Free speech is not a license to misinform and lie without accepting challenge. The C.I.A. has been invited to send representatives to debate with the defendants and our witnesses on campus and here in court. After all, in the “necessity defense,” we have to prove that bigger laws are being broken. But where is the C.I.A. to refute the evidence we have brought before you? If you accept our necessity defense, the prosecutor must offer some proof that justification was absent beyond reasonable doubt, just as we must prove it was present.

When I was growing up in Worcester, Massachusetts, my father was very proud of democracy. He often took me to town hall meetings in Clinton, Athol and Hudson. He would say, See how the people participate, see how they participate in decisions that affect their lives—that’s democracy. I grew up with the idea that democracy is not something you believe in, or a place you hang your hat, but it’s something you do. You participate. If you stop doing it, democracy crumbles and falls apart. It was very sad to read last month that the New England town hall meetings are dying off, and, in a large sense, the spirit of this trial is that grass-roots participation in democracy must not die. If matters such as we have been discussing here are left only to be discussed behind closed-door hearings in Washington, then we would cease to have a government of the people.

You travel around this country, no matter where you go, people say, Don’t waste your time, nothing changes, you can’t fight the powers that be—no one can. You hear it a lot from young people. I hear it from my own kids: Daddy, you’re so quaint to believe in hope. Kids today live with awful nightmares: AIDS will wipe us out; the polar ice cap will melt; the nuclear bomb will go off at any minute. Even the best tend to believe we are hopeless to affect matters. It’s no wonder teen-age suicide is at a record level. Young people are detached from history, the planet and, most important, the future. I maintain to you that this detachment from the future, the lack of hope and the high suicide rate among youth are connected.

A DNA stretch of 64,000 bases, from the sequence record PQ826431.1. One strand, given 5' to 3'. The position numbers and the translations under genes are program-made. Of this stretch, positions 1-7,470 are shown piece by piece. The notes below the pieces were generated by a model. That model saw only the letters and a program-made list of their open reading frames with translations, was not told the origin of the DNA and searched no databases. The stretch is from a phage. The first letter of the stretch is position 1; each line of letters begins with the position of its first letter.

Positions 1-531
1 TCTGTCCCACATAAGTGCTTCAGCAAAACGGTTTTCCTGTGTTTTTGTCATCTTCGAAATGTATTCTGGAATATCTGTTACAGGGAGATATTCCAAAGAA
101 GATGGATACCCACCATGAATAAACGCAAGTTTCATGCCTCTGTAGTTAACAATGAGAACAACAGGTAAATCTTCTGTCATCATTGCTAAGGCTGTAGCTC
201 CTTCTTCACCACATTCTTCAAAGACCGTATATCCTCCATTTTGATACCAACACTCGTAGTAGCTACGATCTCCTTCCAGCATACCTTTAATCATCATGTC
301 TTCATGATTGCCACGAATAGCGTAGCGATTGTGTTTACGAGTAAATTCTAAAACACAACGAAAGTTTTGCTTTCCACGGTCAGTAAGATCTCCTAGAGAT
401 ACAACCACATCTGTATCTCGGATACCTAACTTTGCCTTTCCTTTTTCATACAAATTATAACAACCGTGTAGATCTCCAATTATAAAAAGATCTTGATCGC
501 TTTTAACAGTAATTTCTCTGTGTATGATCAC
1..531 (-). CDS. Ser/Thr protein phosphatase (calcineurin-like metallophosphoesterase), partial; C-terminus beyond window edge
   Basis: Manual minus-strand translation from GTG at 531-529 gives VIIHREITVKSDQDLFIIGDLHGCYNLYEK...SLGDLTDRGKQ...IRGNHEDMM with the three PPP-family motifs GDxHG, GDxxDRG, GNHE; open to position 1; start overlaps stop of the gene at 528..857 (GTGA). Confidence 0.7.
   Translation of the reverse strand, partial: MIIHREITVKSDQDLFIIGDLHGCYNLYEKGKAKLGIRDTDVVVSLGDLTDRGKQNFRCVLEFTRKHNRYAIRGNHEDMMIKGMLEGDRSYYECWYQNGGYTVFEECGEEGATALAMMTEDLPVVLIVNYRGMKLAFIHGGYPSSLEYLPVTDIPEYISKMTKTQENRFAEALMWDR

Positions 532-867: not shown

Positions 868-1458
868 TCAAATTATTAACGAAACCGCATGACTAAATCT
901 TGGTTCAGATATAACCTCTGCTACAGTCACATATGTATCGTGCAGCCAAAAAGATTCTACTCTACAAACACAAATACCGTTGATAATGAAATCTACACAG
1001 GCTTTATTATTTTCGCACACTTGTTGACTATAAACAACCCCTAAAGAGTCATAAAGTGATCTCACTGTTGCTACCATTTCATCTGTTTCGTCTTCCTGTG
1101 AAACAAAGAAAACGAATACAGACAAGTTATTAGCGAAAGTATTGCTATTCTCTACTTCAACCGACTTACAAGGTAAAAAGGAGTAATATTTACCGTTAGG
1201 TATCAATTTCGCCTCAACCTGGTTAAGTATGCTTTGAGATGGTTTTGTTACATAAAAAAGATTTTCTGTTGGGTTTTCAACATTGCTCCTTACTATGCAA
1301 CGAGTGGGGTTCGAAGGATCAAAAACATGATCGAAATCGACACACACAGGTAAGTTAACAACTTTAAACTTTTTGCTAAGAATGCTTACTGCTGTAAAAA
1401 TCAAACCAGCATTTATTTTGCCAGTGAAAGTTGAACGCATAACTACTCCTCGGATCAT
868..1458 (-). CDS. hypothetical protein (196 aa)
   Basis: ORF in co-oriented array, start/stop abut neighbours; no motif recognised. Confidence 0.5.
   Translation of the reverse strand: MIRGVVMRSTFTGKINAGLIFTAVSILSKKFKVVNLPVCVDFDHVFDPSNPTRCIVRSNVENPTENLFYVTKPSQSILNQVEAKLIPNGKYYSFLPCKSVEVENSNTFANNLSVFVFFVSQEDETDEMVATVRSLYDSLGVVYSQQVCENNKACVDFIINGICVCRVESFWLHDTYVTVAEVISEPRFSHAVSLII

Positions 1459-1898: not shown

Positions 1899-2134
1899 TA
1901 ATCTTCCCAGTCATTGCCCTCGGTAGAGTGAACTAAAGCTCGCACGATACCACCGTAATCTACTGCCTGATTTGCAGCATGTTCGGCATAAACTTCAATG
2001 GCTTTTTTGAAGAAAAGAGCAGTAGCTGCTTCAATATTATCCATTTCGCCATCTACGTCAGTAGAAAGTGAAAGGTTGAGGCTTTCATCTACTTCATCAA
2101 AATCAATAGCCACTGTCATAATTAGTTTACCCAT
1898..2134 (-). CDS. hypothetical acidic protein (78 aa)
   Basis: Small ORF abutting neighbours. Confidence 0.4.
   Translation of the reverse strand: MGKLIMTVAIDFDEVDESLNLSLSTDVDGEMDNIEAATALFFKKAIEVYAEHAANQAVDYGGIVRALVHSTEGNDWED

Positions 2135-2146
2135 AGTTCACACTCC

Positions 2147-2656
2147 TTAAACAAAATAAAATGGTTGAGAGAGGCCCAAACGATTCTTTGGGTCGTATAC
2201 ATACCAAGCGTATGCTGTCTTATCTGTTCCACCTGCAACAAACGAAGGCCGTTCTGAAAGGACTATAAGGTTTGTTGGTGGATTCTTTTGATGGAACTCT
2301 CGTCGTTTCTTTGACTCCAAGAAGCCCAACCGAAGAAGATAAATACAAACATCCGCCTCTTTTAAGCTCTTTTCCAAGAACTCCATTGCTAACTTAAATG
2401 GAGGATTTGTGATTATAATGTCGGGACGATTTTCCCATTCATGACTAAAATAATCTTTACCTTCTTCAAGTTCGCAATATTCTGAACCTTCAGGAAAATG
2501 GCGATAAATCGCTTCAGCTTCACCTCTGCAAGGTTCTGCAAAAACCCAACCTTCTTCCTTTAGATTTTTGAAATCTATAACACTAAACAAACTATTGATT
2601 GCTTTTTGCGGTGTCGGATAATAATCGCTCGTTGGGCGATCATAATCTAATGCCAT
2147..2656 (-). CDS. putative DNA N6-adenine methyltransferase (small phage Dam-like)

This trial is about many things, from trespassing to questioning acts by the most powerful agency in the government. And here we are in Hampshire District Court. You have seen the defendants act with dignity and decorum. You have seen our lawyers try hard to defend our position. Witnesses, many of whom occupied high positions of power, have come before you and have told you the C.I.A. often breaks the law, often lies. The prosecutor has worked hard but has not challenged their sincerity. The judge is here, the public, the press. I ask you, Is it we, the defendants, who are operating outside the system? Or does what you have heard about C.I.A. activities in Nicaragua and elsewhere mean it is they that have strayed outside the limits of democracy and law?

Thomas Paine, the most outspoken and farsighted of the leaders of the American Revolution, wrote long ago:

Every age and generation must be as free to act for itself, in all cases, as the ages and generations which preceded it. Man has no property in man, neither has any generation a property in the generations which are to follow.

Thomas Paine was talking about this spring day in this courtroom. A verdict of not guilty will say, When our country is right, keep it right; but when it is wrong, right those wrongs. A verdict of not guilty will say to the University of Massachusetts that these demonstrations are reaffirming their rights as citizens who acted with justification. A verdict of not guilty will say what Thomas Paine said: Young people, don’t give up hope. If you participate, the future is yours. Thank you.